Sterling launches its new Silver Oak imprint with Swedish authors Anders Roslund and Börge Hellström's suspenseful thriller, Three Seconds. They have responded jointly in the third person.

In Three Seconds, you continually blur the line between cops and criminals.

Society creates a picture of two types of people, but reality is neither black nor white, there's an enormous gray zone. One day you are a perpetrator, the next a victim. For example, Hellström has committed many crimes: assault, theft, fraud, burglary. But he's also been the victim of many crimes. As a child, he suffered sexual abuse. He has been assaulted and robbed. He was both the perpetrator and the victim. Was he good or evil? Who is the perpetrator and who is the victim, or are they both?

How do you share the co-writing duties?

We fight... a lot. But we have one rule we always respect. Whenever we split up for the day, we always do that as friends. We're very open about most things. But there is one thing we will never reveal: who does what in our work process. We believe that if we talked about who did what, our collaboration would suffer. But what we can say is that the process is divided into three stages of about eight months each: research, followed by story development, and then the writing itself, a cycle of about two years.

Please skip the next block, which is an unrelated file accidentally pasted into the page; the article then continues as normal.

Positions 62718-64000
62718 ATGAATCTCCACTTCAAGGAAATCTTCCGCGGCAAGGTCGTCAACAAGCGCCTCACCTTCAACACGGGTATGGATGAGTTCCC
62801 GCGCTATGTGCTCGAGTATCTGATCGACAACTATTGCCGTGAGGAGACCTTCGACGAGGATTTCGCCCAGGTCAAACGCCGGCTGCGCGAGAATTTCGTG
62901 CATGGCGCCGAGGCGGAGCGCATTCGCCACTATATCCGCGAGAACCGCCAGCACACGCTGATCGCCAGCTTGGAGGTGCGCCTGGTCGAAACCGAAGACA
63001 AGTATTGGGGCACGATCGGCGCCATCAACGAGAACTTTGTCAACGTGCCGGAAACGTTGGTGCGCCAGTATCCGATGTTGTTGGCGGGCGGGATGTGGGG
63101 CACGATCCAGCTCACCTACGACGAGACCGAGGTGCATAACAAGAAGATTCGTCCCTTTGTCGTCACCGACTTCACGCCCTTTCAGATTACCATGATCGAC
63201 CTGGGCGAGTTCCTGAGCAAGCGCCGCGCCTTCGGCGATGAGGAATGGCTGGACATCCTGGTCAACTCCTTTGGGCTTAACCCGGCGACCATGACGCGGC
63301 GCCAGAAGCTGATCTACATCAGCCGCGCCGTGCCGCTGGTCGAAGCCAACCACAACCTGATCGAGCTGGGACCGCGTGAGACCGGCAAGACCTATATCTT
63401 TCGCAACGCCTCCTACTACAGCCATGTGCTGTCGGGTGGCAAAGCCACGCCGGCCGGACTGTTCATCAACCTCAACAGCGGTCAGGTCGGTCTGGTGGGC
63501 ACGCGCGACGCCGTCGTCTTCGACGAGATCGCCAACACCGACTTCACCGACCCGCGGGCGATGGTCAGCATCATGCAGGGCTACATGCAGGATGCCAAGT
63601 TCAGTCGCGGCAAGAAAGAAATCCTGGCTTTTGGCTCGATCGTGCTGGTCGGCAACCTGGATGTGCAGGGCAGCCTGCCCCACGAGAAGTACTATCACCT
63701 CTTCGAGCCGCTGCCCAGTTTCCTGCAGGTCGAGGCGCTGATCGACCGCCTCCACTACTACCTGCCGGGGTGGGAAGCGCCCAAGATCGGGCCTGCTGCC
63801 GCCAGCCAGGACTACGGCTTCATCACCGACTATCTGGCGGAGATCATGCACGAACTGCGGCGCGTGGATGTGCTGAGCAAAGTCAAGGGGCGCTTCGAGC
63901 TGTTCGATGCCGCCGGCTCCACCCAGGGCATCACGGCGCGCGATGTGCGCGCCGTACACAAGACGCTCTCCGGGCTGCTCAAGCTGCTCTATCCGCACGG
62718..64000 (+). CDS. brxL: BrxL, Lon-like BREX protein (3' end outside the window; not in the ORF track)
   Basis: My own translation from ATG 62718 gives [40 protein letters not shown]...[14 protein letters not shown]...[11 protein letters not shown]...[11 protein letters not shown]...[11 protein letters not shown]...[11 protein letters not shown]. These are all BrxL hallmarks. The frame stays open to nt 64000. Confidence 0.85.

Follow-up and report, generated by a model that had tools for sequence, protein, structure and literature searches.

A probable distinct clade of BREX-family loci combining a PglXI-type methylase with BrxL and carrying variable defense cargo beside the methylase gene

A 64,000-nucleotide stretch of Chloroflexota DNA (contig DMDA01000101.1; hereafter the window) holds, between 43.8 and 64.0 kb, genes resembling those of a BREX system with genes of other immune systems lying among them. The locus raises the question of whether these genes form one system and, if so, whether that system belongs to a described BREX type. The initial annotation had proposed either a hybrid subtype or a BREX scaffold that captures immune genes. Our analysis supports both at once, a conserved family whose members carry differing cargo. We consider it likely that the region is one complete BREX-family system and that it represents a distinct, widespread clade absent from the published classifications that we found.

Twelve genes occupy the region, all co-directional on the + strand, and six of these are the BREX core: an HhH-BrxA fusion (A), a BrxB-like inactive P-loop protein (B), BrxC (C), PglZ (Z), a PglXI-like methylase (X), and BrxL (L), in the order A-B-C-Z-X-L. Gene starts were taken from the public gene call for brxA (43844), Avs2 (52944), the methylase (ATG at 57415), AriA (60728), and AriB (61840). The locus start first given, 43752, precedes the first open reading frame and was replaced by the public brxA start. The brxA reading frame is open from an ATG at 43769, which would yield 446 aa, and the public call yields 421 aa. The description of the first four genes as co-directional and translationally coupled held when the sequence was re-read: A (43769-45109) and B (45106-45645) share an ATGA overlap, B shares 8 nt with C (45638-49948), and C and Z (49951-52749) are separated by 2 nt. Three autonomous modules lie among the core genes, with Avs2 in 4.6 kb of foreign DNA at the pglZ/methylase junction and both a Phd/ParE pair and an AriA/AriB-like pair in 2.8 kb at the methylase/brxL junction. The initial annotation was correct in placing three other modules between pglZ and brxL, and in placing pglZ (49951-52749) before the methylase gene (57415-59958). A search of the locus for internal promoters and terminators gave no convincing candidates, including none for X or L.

What sparked your interest in setting much of the action inside a Swedish prison?

Roslund has worked for many years as a journalist in prisons and as a probation officer for prisoners with serious convictions. Hellström has been in prison and was a drug user for many years. So together we have a vast reservoir of knowledge from two different angles.

The issues you tackle obviously require intensive research. How do you go about it?

A prerequisite was that it had to be right. And that depends so much on the contacts we've made and earned along the way. To be able to sit with men who have been inside for 30 years, to see how they hide drugs and needles with the help of bits of elastic in maximum security prisons, requires a trust that we have worked long and hard for. To be able to meet policemen who work with criminals in the gray area called covert human intelligence—people who commit crimes so that other crimes can be solved—to learn about where they hold their secret meetings, or how you pay people who aren't supposed to exist. All these meetings are essential to us in the writing of every book.